So here's my offer. I'll focus on trying to pitch the hardware companies in Japan to look at the MetaWeblog API and other standards that we are developing. I will TRY to invest the rest of the $15mm I have into companies that develop things are end-to-end stupid network oriented, open standards compliant, blog community supportive, non-proprietary OS based and generally un-evil. I will also try to get others to invest with us. I'm going to try as hard as I can and still be fiduciarily responsible to my investors. I want everyone else to try very hard too. Let's see if we can make this happen. Think twice before going to work for you-know-who. If you go work for you-know-who, try to get them to support open standards. If you can choose, choose something open. If you can buy/license something from the developer community vs. building it do so. And most importantly, now that we have blogs to talk on, engage us in the dialog and try to break open mobile devices and consumer electronics platforms and get them to take advantage of the most talented group of unemployedself-employed developers since before the bubble. Let's convince the consumer hardware guys to open up and focus on their strengths and benefit from this just like IBM and others were able to benefit from the Internet by supporting and embracing the developer community.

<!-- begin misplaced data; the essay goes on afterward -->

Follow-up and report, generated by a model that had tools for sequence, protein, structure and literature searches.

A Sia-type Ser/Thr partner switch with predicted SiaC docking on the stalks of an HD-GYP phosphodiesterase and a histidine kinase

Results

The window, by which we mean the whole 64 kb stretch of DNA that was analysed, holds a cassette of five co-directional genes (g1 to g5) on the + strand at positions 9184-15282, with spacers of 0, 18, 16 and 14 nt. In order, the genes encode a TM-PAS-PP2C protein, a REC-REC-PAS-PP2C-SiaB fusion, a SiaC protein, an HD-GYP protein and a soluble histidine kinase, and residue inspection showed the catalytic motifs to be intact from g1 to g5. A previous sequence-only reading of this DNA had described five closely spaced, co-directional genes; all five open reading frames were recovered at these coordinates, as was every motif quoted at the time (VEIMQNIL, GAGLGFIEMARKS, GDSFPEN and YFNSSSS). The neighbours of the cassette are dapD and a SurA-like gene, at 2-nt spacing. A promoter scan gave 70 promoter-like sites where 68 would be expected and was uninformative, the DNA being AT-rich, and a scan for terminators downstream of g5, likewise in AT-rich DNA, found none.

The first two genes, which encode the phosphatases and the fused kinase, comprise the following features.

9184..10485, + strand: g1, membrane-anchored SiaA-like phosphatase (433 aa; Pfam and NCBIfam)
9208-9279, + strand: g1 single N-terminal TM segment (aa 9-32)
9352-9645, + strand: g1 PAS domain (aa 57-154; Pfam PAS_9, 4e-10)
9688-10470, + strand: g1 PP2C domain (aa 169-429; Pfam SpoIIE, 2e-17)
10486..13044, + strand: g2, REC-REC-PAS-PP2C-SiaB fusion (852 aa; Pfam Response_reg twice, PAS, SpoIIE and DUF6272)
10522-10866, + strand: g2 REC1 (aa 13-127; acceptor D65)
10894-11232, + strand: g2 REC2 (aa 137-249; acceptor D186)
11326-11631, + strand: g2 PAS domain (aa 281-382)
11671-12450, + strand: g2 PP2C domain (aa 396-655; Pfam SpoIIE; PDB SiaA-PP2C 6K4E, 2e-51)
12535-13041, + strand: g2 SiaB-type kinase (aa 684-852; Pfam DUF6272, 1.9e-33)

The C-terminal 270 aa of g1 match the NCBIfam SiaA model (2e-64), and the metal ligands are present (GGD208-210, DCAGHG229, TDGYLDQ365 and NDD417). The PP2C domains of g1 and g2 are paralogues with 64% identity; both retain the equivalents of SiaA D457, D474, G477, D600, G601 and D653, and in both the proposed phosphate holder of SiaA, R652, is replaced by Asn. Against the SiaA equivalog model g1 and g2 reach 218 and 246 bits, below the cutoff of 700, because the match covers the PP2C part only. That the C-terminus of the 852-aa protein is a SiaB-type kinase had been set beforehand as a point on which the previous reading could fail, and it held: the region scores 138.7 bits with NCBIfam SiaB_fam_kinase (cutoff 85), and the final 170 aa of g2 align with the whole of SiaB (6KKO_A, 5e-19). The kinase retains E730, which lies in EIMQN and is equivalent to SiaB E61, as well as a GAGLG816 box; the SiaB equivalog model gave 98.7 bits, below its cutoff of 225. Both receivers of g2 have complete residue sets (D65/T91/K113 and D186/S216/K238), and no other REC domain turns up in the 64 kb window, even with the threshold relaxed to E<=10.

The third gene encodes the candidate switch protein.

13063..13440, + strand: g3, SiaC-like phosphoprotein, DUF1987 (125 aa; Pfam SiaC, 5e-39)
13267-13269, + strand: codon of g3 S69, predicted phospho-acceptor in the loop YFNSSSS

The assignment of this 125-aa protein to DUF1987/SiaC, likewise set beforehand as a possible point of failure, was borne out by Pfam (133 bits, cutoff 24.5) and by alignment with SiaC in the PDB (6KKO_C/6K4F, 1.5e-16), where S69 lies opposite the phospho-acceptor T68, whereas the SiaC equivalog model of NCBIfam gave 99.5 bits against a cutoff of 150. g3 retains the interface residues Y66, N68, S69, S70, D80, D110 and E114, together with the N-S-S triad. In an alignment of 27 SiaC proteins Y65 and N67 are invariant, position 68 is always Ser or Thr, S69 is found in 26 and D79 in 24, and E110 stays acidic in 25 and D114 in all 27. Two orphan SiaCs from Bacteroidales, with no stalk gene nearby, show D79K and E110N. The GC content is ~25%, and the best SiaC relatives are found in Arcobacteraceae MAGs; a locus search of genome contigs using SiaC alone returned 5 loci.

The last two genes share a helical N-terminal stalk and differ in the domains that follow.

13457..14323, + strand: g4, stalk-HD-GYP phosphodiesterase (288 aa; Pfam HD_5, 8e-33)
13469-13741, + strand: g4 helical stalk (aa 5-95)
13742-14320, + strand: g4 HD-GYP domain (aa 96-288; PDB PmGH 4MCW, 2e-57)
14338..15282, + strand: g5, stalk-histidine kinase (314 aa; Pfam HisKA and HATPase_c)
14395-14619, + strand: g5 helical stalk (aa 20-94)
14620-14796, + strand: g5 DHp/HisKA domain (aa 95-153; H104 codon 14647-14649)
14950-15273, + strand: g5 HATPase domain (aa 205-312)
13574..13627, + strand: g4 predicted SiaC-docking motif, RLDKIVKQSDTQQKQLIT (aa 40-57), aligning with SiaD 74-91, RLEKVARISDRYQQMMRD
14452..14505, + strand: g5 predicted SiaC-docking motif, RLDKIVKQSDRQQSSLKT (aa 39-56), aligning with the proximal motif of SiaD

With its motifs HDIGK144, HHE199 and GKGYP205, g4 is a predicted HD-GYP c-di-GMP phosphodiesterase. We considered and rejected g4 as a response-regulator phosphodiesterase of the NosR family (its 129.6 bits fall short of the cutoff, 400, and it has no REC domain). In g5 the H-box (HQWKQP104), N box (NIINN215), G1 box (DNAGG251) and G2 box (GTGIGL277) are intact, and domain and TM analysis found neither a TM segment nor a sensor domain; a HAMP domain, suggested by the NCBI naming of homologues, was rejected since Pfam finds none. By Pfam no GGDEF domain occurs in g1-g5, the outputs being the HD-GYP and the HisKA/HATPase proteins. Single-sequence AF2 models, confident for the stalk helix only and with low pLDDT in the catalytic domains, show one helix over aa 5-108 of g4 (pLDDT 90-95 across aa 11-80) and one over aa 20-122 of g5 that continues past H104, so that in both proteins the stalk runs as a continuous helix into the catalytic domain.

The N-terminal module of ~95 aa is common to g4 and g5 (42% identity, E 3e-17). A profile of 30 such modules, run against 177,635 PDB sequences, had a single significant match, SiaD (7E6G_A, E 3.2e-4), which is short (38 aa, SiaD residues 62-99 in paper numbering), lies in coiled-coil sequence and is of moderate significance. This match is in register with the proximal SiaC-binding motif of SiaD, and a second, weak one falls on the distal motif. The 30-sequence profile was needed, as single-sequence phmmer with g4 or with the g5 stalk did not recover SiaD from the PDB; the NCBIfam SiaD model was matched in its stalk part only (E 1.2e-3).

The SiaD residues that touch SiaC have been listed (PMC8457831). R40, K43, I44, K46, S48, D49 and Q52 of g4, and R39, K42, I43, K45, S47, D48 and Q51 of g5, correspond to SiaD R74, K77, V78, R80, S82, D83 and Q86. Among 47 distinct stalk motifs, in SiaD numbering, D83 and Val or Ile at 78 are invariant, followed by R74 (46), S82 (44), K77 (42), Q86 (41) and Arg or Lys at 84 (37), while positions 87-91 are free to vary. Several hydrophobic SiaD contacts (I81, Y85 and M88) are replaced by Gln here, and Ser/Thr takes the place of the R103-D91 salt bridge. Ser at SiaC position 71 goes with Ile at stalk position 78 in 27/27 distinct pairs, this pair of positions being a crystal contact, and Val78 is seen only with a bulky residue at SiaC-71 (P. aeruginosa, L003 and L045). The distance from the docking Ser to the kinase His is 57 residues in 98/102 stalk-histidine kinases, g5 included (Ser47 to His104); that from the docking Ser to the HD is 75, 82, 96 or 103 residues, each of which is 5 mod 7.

I know this is rather obvious and I'm probably preaching to the choir, but I'm serious. ;-)

Slipped out of the conference to see Jean-Louis Gassée. I met Jean-Louis when he was running Be Inc. I was the first and last advisory board member of Be. Jean-Louis is a legend in Silicon Valley from his days at Apple and all of the cool stuff he's done afterwards.

He is currently an Entrepreneur in Residence at Allegis and is on the board of PalmSource and EFI. We talked a lot about personal networking technologies and shared our thoughts and vision in this area. He's such a cool and charming guy and I think Allegis is a PERFECT thing for him.

Barak and Minami joined me in the meeting and it was interesting because Barak had worked with him at Apple and Logitec so they had a lot of history... Frank got me back in touch with him. Frank used to work with Jean-Louis at Be and now works at and helps run one of our portfolio companies, AirEight.